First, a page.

John Avery Heritage
Member Southampton Heritage Federation
 Sharing local history with the community
In 1967 the Queen Mary set off on her final voyage to Longbeach, California. This watercolour by Eric Crompton records the farewell.A stone carving on the RSH Hospital Chapel.An afternoon stroll on Plymouth Breakwater
John Avery is a Fellow of the Huguenot Society of Britain and Ireland, a member of Southampton
Heritage Federation, City of Southampton Society [Honorary Life Member], Friends of Southampton Old Cemetery [Honorary Life Member],  Friends of  Town Quay Park, National Federation of Cemetery Friends, The Southampton Fryatt Plaque, Devon Family History Society, West Country Historic Omnibus & Transport Trust , Landmark Trust, National Trust
Copyright 2018

   Home      Industrial Unrest in 1924

During 1924 there was much industrial unrest in the country. The London omnibus and tram crews had been on strike for 10 days,
shipyard workers went on strike in Southampton shortly to be joined by coal trimmers at Leith and the pottery trade at Stoke.
There were more than 1 million unemployed and skilled workers were earning minimum wages. Most families were in difficulty in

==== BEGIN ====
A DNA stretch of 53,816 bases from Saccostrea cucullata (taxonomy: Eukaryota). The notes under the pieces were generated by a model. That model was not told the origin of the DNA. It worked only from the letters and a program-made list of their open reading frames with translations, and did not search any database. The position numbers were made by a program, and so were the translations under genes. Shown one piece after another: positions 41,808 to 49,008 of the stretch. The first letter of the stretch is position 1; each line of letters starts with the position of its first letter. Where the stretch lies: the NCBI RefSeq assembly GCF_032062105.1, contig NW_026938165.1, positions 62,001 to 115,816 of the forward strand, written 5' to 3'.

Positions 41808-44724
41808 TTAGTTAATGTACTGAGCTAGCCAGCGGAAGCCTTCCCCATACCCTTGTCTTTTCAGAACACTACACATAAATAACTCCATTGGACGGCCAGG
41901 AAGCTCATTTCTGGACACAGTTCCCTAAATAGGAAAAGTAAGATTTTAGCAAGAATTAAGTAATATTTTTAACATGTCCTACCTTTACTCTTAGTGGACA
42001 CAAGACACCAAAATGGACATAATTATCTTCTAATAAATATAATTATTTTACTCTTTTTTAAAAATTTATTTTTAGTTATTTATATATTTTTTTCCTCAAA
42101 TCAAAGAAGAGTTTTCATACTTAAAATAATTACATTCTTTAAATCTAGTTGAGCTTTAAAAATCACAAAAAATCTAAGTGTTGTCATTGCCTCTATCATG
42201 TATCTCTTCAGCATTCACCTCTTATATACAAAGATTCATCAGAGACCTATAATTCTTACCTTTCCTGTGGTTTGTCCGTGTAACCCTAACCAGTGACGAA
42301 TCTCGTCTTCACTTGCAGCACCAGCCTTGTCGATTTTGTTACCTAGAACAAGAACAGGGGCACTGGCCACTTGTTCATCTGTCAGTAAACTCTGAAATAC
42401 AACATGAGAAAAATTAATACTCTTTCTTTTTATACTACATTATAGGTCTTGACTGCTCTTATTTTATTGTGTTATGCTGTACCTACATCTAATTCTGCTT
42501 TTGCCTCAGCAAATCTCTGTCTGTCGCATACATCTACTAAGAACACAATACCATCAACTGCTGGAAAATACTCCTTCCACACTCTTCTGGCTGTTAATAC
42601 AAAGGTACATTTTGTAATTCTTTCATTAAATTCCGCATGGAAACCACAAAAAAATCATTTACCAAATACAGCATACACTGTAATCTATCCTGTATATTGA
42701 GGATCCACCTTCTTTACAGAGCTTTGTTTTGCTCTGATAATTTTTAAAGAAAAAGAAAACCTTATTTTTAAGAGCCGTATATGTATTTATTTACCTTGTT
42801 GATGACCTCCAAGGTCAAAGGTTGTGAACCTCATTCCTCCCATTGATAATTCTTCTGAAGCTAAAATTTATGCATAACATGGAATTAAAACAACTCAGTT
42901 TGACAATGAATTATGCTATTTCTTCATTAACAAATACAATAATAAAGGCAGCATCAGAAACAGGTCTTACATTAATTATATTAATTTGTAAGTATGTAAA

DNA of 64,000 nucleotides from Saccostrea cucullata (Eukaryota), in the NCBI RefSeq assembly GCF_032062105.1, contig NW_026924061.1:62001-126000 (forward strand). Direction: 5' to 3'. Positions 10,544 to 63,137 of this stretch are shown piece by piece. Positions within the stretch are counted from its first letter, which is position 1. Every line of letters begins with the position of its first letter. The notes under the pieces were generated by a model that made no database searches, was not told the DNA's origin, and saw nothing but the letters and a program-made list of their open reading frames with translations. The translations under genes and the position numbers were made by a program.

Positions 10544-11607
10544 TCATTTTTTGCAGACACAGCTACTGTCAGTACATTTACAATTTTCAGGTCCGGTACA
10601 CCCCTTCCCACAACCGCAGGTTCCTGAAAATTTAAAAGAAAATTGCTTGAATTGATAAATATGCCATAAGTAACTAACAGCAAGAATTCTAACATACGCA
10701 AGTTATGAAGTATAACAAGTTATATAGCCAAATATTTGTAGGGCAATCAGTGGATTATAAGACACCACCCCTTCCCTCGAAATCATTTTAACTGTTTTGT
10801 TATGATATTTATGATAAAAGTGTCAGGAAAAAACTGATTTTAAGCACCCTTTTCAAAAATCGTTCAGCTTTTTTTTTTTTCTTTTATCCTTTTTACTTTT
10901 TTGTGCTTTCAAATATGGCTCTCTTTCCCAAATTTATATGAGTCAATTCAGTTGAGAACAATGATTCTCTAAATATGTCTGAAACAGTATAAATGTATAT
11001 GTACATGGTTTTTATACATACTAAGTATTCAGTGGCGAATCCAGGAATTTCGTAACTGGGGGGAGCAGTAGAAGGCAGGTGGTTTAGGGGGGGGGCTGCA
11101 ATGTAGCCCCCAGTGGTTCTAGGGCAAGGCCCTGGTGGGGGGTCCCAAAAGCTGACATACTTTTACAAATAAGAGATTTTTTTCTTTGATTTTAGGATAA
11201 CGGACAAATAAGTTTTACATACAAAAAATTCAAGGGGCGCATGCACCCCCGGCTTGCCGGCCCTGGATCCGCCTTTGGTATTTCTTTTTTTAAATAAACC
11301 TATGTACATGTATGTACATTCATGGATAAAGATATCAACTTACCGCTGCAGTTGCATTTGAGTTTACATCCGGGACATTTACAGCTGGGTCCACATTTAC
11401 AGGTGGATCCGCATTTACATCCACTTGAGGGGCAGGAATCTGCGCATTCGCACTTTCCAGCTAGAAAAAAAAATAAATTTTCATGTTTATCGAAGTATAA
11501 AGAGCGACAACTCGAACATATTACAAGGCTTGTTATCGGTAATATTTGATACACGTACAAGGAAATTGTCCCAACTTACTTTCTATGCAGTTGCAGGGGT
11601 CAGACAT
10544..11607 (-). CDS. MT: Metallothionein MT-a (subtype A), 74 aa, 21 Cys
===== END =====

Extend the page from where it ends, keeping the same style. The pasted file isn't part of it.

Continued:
meeting higher rents on their housing. There was much unrest as the five major bankers and many insurance companies increased profits
whilst in Scotland the government stopped further social house building.
The ship repairers at Southampton [with the exception of the Boilermakers] were on strike for more than 2 months demanding a weekly
wage of 17 shillings a week which would match their counterparts in the Port of London. The Shipbuilders Employers Federation
announced a lock out and the Southampton workers were prevented from entering the docks and the Thornycroft yard at Woolston.
Cunard desperate to get the Mauretania back into service devised a plan which would cause unrest with the engineering unions
 and Red Funnel and Alexandra Towing the port tug operators.
During the night of 13th April workmen were secretly boarded onto the Mauretania evading the attention of the nearby pickets and unannounced
 five Dutch tugs arrived and took the ship off for repairs at Cherbourg. [We also have to assume that French unions and French shipyard
workers would not have welcomed their strike breaking counterparts on their arrival.] The Mauretania and the tugs met a severe
north westerly gale and struggled to reach one knot but eventually safely arrived at Cherbourg, the trip having taken 56 hours.
It would be interesting to discover how Cunard re- established its relationships with the Southampton shipyards and the local tug providers
after this incident.



snowfall Southampton Old Cemetery courtesy FoSOCSeamen's strike at Southampton 1966Royal Blues at Bournemouth c 1949 photo by Derek Amey local historians Jim Brown and John Avery deep in thought. Image Ann MacGillivray Veronica Tippetts addressing Court Leet Oct 2nd 2012. Image Will TempleJohn Melody Southampton Town Crier at Court Leet 2012. Image Will Temple